Travelling through Eastleigh, we are reminded of Asad’s journey across the continent as a Somali refugee, compellingly captured in Steinberg’s book. Asad is treated badly in every country he travels through as an illegal immigrant, but it is only in South Africa that his neighbours try to murder him.

A few weeks later, we hear about the latest xenophobic attacks back home, following our trek up Mount Kilimanjaro. We had proudly listed our nationality in the climbers’ register as we traversed the highest mountain in Africa. After our descent we watch the news in horror, overcome by nausea and light-headedness, reminiscent of the altitude sickness we experienced at Uhuru peak.

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Photo: Kili (Kayum Ahmed)

We are reminded of an encounter where young Kenyan men cried out “Mzungu!” as we drove through Kibera, Africa’s largest slum, clinging onto the back of Lion’s motorcycle. “Mzungu,” a term that was being directed at us, is the Swahili word for white people specifically, and foreigners more generally. We would never be mistaken for white people or foreigners in South Africa. And yet many of the people we meet during our journey look at us sceptically when we tell them where our home is.

Our anecdotal encounters as privileged tourists across the continent suggest that South Africans are often chastised for failing to embrace our African identity, other African countries, particularly in the North, and also struggle to make sense of their geographical umbilical cord. But the significant difference, of course, is the violence that some foreigners encounter in South Africa. We are reminded of this by several locals in many of the countries we travel through, despite our attempts to provide context and balance.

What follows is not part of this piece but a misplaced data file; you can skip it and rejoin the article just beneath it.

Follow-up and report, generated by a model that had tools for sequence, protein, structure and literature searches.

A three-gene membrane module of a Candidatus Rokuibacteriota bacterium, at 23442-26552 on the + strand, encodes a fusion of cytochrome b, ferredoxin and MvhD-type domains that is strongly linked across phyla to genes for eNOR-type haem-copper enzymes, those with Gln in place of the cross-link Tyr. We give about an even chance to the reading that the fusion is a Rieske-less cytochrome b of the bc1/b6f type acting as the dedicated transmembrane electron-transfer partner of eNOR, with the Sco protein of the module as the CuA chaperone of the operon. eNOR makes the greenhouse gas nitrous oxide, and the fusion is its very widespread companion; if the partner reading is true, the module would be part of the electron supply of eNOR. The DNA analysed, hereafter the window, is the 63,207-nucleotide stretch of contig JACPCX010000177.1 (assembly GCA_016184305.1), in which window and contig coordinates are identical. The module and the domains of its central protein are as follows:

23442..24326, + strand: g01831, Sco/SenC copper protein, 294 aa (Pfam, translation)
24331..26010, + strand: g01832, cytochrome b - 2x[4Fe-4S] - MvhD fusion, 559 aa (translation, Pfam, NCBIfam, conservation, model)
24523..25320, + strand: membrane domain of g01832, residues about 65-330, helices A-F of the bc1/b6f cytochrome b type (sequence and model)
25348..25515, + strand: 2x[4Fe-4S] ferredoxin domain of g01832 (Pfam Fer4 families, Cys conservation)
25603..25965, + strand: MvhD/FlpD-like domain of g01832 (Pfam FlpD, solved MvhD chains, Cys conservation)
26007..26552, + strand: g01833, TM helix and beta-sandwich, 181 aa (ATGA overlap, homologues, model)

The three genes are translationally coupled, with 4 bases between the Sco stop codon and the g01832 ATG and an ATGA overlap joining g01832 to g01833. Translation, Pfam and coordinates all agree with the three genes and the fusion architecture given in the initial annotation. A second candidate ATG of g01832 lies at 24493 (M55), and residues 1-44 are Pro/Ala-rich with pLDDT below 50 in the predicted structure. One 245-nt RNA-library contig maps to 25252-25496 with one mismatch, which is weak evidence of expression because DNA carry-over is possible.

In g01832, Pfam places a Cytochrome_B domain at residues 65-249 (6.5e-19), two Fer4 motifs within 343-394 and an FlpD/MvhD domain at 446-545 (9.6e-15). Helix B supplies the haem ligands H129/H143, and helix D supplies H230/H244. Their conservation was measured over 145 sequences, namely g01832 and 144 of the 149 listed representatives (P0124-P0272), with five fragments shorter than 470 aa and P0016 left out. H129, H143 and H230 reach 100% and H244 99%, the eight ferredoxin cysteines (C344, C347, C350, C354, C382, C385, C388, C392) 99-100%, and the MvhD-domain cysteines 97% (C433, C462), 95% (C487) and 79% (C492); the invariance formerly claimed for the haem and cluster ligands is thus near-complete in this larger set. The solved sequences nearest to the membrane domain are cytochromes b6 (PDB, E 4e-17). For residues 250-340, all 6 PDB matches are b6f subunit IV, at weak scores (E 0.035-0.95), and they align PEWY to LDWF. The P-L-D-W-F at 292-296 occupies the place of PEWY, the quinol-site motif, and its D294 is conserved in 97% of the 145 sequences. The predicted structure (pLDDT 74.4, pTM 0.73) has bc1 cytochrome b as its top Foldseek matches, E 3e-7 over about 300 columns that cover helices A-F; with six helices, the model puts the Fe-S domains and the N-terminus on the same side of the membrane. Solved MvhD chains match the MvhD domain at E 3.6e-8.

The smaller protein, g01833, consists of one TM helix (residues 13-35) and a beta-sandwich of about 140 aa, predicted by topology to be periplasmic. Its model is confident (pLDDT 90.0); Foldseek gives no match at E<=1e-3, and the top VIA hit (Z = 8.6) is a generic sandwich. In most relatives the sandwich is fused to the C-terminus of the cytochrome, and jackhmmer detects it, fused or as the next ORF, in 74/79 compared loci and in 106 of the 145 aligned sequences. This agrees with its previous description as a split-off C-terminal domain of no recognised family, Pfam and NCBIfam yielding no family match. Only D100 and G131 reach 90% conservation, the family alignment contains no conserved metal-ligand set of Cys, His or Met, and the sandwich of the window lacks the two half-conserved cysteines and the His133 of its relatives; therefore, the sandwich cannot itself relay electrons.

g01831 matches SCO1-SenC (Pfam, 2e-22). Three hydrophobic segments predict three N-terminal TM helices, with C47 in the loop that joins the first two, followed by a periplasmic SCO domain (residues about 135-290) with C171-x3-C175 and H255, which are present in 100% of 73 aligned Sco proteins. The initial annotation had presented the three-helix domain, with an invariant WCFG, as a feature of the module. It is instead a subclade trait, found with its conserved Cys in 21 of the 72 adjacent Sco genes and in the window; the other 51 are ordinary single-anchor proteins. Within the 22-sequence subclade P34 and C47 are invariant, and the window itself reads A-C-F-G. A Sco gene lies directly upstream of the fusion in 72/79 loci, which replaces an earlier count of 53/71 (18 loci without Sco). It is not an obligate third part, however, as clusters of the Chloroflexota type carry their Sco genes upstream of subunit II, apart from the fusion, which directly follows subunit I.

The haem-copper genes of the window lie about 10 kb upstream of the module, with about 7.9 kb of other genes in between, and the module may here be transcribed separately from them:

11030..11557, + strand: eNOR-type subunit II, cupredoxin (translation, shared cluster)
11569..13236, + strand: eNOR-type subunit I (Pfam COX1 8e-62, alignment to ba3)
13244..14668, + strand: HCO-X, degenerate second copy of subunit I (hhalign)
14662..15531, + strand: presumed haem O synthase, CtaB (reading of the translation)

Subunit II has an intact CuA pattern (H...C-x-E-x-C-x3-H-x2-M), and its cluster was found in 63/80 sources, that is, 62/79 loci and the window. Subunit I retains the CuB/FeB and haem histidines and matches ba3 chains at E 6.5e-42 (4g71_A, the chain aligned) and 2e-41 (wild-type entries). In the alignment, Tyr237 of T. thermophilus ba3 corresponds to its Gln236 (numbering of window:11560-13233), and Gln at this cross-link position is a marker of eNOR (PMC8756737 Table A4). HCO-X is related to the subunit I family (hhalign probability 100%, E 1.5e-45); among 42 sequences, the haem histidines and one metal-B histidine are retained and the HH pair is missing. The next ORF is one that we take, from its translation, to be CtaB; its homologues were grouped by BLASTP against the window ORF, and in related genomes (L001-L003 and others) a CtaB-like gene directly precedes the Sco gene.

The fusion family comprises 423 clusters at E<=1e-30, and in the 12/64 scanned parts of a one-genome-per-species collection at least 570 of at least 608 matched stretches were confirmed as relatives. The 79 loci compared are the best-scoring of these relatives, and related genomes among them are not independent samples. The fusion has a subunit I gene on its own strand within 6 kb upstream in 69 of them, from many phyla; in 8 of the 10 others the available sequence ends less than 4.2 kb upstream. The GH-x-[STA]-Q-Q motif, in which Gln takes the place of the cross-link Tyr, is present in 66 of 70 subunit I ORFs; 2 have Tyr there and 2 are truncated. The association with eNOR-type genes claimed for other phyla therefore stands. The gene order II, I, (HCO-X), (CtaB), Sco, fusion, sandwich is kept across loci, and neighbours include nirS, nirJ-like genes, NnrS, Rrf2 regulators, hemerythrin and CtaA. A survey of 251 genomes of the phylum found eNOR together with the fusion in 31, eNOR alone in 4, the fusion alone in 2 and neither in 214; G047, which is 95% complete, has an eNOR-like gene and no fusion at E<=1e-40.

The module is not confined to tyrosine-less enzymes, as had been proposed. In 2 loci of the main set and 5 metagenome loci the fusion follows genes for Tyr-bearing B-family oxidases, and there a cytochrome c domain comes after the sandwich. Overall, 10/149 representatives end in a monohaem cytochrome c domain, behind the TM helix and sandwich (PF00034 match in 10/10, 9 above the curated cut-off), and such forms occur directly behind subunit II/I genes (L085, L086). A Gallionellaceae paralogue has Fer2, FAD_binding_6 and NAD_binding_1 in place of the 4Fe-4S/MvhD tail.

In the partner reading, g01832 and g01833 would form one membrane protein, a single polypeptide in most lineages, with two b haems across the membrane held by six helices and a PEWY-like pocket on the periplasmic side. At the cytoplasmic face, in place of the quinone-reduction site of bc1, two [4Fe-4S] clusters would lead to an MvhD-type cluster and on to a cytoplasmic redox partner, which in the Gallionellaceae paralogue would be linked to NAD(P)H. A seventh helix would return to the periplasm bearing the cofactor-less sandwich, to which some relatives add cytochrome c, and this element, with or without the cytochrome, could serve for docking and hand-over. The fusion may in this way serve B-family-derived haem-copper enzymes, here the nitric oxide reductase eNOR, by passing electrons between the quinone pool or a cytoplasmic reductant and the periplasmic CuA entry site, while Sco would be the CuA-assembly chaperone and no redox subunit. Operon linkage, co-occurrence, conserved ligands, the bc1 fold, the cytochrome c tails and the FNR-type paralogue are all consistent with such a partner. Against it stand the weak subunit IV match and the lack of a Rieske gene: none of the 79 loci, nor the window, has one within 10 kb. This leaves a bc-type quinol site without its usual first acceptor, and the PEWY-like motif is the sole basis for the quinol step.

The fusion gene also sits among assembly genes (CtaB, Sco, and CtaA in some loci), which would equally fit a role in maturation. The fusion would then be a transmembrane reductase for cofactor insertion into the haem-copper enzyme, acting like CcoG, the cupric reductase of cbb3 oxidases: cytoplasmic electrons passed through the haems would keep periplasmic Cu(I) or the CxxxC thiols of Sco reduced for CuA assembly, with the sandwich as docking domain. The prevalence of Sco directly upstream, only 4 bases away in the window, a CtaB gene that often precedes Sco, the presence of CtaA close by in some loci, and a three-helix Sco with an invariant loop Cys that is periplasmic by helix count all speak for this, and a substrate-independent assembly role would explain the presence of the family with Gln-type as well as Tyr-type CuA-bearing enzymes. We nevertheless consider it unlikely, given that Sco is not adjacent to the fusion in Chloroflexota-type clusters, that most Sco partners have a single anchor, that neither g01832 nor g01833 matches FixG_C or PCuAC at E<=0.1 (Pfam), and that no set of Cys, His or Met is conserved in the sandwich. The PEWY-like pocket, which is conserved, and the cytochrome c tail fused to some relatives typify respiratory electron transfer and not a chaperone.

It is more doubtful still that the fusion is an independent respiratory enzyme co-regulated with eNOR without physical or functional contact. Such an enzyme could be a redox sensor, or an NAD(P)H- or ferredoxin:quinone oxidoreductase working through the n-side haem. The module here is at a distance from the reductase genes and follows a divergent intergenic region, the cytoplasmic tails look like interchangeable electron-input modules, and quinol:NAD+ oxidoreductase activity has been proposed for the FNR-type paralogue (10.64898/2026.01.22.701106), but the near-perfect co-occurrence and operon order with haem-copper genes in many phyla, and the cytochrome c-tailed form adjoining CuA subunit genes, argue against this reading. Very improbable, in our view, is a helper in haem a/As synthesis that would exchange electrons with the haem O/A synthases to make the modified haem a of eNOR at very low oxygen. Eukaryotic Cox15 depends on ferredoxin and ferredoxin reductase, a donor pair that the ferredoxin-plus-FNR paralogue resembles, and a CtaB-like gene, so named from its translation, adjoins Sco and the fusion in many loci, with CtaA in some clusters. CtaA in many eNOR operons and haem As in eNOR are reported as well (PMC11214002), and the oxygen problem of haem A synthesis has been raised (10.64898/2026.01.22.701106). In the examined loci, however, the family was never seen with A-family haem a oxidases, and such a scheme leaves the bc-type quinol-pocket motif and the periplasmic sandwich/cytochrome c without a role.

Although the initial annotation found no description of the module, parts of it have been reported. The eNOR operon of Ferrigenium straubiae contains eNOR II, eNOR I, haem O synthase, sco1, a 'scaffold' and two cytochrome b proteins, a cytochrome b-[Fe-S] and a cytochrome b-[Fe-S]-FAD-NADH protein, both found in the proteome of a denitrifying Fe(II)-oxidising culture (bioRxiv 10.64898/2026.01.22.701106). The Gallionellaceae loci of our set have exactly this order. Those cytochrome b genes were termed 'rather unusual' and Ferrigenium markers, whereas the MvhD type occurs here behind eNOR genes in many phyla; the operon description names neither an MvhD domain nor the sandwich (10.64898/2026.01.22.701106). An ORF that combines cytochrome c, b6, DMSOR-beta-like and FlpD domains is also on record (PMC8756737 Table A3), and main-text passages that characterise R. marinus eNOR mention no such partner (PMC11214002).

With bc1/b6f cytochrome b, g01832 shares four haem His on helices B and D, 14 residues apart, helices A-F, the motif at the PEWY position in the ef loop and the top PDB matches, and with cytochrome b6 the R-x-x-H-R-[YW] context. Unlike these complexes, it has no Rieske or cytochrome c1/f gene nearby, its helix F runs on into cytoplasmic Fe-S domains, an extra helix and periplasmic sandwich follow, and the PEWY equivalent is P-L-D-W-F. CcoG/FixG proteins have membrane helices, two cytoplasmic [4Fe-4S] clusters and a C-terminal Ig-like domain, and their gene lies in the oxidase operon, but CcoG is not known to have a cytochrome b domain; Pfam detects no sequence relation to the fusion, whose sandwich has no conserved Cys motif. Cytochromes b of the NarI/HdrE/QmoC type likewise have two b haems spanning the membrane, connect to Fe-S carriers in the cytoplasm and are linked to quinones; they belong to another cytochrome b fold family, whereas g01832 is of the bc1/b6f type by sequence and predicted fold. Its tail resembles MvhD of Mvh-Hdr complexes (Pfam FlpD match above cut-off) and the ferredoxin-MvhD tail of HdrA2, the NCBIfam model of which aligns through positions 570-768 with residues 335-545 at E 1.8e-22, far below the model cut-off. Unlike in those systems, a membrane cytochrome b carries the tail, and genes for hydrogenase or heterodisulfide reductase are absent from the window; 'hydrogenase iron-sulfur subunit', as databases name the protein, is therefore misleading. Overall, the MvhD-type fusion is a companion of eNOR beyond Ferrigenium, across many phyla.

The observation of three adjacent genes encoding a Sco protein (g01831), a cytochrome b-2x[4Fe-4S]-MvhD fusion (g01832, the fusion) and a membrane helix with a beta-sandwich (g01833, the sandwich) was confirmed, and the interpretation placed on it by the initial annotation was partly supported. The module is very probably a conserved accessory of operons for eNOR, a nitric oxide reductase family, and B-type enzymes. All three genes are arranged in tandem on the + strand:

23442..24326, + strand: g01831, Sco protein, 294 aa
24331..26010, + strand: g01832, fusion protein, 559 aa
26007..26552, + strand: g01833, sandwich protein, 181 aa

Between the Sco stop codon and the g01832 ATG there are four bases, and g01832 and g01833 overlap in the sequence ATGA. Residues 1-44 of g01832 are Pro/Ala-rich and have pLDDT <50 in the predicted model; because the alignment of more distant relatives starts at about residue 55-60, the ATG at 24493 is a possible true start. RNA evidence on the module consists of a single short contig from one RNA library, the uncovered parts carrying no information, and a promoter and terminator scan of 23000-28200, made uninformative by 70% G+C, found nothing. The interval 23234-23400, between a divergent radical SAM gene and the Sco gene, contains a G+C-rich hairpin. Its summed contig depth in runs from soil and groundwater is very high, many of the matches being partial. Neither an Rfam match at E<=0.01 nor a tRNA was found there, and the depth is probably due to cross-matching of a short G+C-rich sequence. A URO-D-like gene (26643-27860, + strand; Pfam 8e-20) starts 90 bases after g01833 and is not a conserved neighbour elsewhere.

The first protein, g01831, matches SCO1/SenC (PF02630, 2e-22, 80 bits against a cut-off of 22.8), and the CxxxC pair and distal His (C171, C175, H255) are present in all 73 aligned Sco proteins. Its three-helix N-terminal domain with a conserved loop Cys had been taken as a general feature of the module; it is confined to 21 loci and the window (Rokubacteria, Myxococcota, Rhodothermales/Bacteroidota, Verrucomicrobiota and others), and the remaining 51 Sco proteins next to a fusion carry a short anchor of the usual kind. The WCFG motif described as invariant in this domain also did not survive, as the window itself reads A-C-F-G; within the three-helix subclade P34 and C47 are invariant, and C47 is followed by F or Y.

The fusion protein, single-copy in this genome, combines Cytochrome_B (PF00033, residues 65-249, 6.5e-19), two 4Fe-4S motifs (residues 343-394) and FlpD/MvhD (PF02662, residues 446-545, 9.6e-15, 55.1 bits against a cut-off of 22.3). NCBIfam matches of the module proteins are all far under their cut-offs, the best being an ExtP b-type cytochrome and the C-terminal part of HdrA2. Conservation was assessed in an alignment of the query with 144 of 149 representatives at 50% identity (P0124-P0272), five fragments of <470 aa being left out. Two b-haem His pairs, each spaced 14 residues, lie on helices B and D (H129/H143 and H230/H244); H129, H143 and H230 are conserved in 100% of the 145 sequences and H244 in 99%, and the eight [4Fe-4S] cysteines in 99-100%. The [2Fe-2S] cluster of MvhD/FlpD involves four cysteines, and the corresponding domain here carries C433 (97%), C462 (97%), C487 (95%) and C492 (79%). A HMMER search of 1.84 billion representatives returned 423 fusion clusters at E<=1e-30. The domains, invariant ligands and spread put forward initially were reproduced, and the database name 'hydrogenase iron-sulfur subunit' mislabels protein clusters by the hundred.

We struggle to reconcile the South Africa that we know and love, the country that forms the basis of our identity, a place that not too long ago accepted our immigrant grandparents, with the South Africa that is killing foreigners. On the back of Lion’s motorcycle, life appears simpler. Driving in the direction of oncoming traffic, then over a pavement with pools of muddy water, Lion squeezes through two lines of thick traffic until we reach the open road. Notably affronted by the taunting we experience in Kibera, he indicates that these same men would not take kindly to us shouting “Hey black people!” while passing them by on the streets of Nairobi.

“How can they call you Mzungu?” he roars above the revving of his motorcycle. Adding, much to our amusement, “Can’t they see that you’re Indian?” DM

Farzana Paleker is a specialist dentist with an interest in bioethics and health law. Kayum Ahmed is her devoted husband and the executive director of HumanRights.org.za. Follow their journey on Instagram: #CairoToCapeFlats

Main Photo: The Kibera slum, Nairobi, Kenya, 07 March 2013. EPA/DAI KUROKAWA